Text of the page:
The left D2/ is in a maxilla fragment (AC 536). Anteriorly there is part of an alveolus for the P1/. The crown of the D2/ has a prominent main cusp on the buccal side of the tooth accompanied by a low disto-lingual cusplet. The precrista of the main cusp terminates at a low anterior accessory cusplet from which two brief cingular elements extend buccally and lingually. The post-crista of the main cusp extends to the distal cingulum which curves a short way onto the buccal side of the crown, and lingually it blends into the disto-lingual cusplet. There is a deep fovea between the mesial edge of the disto-lingual cusplet and a crest that descends from the apex of the main cusp towards the lingual side of the crown. The latter crest is separated from the anterior part of the main cusp by a vertical groove. There are two roots and the enamel is thin.

An unworn D3/ in the collection (AC 512) is informative about the crown morphology of this tooth, the other specimens being deeply worn (Fig. 2). It possesses three main cusps arranged in a triangle, one cusp anteriorly and two posteriorly. The anterior cusp (paracone) has a prominent lingual ridge in the place of the protocone, which curves round to join the mesial cingulum, thereby closing off a small mesial fovea. There is a swollen parastyle on the mesio-buccal corner of the tooth. It has swollen pre- and post-cristae on the buccal edge of the cusp, and a prominent groove (Furche) posteriorly. The posterior loph of the tooth is comprised of the metacone and hypocone as in permanent teeth, and there are pre- and post-cristae on the metacone forming a mesostyle and metastyle respectively. In the centre of the crown there is a median accessory cusplet close to the endo-crista of the hypocone. The distal cingulum extends from the metastyle to the base of the hypocone, via a small posterior accessory cusplet. Between the posterior accessory cusplet and the hypocone, there is a small, shallow distal fovea.The pre-hypocrista blends into a short lingual cingulum which walls off a small but deep fovea between the median accessory cusplet and the lingual cingulum. There is a small fovea on the buccal side of the median accessory cusplet, but it is open to the buccal side. Where it is unworn, the enamel surface of this tooth is coarsely wrinkled.

AC 415 is a deeply worn left D3/, with three roots (one anteriorly, two posteriorly) (Fig. 2). The only structures remaining in the occlusal surface are the depths of the foveae either side of the median accessory cusplet, and the basal remnants of the parastyle and metastyle.

The D4/ (AC 537) is moderately worn and is missing some chips of the crown mesially. The enamel is thin and the roots have been partly resorbed. The rear lobe of the tooth is slighly broader than the mesial lobe. There are four main cusps, with deep Furchen, and well-developed median and posterior accessory cusplets. The anterior accessory cusplet is damaged. There is a tall prominent pillar in the lingual end of the median transverse valley.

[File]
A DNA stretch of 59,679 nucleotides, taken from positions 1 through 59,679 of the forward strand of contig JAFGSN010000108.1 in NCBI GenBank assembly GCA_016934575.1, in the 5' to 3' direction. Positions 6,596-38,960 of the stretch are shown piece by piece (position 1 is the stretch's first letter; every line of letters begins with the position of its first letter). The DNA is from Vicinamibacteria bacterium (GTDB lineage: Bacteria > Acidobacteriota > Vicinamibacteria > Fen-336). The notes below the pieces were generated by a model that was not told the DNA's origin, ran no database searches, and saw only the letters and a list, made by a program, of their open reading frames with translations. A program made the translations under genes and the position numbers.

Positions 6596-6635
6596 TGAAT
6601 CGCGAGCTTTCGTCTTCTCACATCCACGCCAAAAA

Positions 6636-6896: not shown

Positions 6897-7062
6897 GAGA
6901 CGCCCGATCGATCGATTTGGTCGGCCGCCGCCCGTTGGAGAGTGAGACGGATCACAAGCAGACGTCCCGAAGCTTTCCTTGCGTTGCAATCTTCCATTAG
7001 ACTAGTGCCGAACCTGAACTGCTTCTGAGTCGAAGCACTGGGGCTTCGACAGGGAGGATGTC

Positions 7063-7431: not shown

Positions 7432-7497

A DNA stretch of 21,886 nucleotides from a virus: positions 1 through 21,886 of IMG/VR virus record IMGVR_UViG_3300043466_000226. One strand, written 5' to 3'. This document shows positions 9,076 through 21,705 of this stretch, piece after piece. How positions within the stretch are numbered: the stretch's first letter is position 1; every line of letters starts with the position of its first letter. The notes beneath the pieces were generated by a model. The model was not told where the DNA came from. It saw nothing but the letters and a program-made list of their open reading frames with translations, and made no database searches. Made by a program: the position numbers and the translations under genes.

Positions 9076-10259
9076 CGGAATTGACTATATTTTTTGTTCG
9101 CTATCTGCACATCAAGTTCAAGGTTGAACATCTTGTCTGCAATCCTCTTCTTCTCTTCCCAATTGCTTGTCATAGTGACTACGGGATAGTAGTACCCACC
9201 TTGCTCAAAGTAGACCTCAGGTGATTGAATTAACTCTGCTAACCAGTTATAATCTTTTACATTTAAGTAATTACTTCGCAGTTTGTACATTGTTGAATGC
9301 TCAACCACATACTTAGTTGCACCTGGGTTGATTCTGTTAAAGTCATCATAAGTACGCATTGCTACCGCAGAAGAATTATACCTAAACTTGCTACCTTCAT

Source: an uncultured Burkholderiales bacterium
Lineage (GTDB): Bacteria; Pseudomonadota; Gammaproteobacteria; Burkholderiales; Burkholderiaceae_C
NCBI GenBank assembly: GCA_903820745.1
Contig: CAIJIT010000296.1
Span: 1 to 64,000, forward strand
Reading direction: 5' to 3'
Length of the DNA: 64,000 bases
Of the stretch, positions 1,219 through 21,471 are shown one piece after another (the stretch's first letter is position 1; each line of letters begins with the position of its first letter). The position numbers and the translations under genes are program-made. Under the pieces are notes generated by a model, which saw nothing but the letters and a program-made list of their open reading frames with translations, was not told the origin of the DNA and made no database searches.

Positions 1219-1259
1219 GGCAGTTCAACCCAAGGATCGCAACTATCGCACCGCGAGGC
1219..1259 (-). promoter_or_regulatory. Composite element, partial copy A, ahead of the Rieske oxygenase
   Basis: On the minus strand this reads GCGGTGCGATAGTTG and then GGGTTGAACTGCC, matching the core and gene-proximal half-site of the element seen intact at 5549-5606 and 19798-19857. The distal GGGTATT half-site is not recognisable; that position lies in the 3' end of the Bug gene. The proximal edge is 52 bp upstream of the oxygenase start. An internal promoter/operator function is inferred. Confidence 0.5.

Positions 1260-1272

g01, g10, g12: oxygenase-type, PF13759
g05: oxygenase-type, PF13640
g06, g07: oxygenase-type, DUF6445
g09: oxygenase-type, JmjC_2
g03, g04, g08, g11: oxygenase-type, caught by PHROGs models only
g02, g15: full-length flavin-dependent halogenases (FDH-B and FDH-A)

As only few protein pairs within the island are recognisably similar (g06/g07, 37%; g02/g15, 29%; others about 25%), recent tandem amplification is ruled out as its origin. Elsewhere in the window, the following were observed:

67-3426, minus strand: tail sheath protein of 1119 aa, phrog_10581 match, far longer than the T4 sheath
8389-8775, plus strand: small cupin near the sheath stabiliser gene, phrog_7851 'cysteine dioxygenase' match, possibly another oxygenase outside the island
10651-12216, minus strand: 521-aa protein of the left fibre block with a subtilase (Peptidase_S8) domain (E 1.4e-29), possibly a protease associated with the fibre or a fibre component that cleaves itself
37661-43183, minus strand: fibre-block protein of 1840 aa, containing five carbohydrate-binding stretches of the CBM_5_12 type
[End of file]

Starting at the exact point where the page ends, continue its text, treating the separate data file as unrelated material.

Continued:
AC 548 is a left d/4 just entering wear (Fig. 3). It is constructed of three lophids, each of two cusps, as is usual in suids, and there are accessory cusplets in the mid-line of the tooth between each of the lophids, and there is in addition a posterior accessory cusplet with a distinct distal cingulum behind it. The accessory cusplets are almost as tall as the main cusps. An interesting feature of this tooth is that the pre- and post-cristids of the main cusps are beaded, as is the distal cingulum.The Furchen are relatively shallow and the enamel is lightly wrinkled.

Figure 3.—AC 548, left d/4 from Aves Cave I, Bolt’s Farm (cast) attributed to Potamochoeroides hypsodon. A) buccal view, B) stereo occlual views, C) lingual view (scale: 10 mm).


Permanent dentitionTOP

AC 467 is a moderately worn left I1/ missing small chips of enamel mesially and distally (Fig. 2). The mesial half of the crown is labio-lingually broad, but the posterior half is compressed, the two halves being defined lingually by a longitudinal groove. Wear is apical and along the distal crest.

AC 535 is a lightly worn right I1/. The tooth has an incision apically dividing the crown into mesial and distal moieties. The distal part has a finely beaded apical edge. There is a discontinuous lingual cingulum, with prominent denticles in the middle and the distal part.The buccal surface has a broad, shallow furrow descending from the apical incision towards the root which gives the tooth a gently concave labial surface. In mesial view the crown is distinctly curved from root to apex. The root is small compared with the dimensions of the crown.

AC 371 is an almost complete, but unworn upper left canine (Fig. 11). The mesial profile is evenly curved, slightly more than a semi-circle. The distal side, in contrast, and unusual in a suid context, is comprised of a curved apical part adjoining an almost straight intermediate part between the apex and the root. There is a postero-dorsal groove extending from the root towards the crown but fading out in the apical third of the tooth. The palatal aspect of the crown shows coarse longitudinal wrinkles.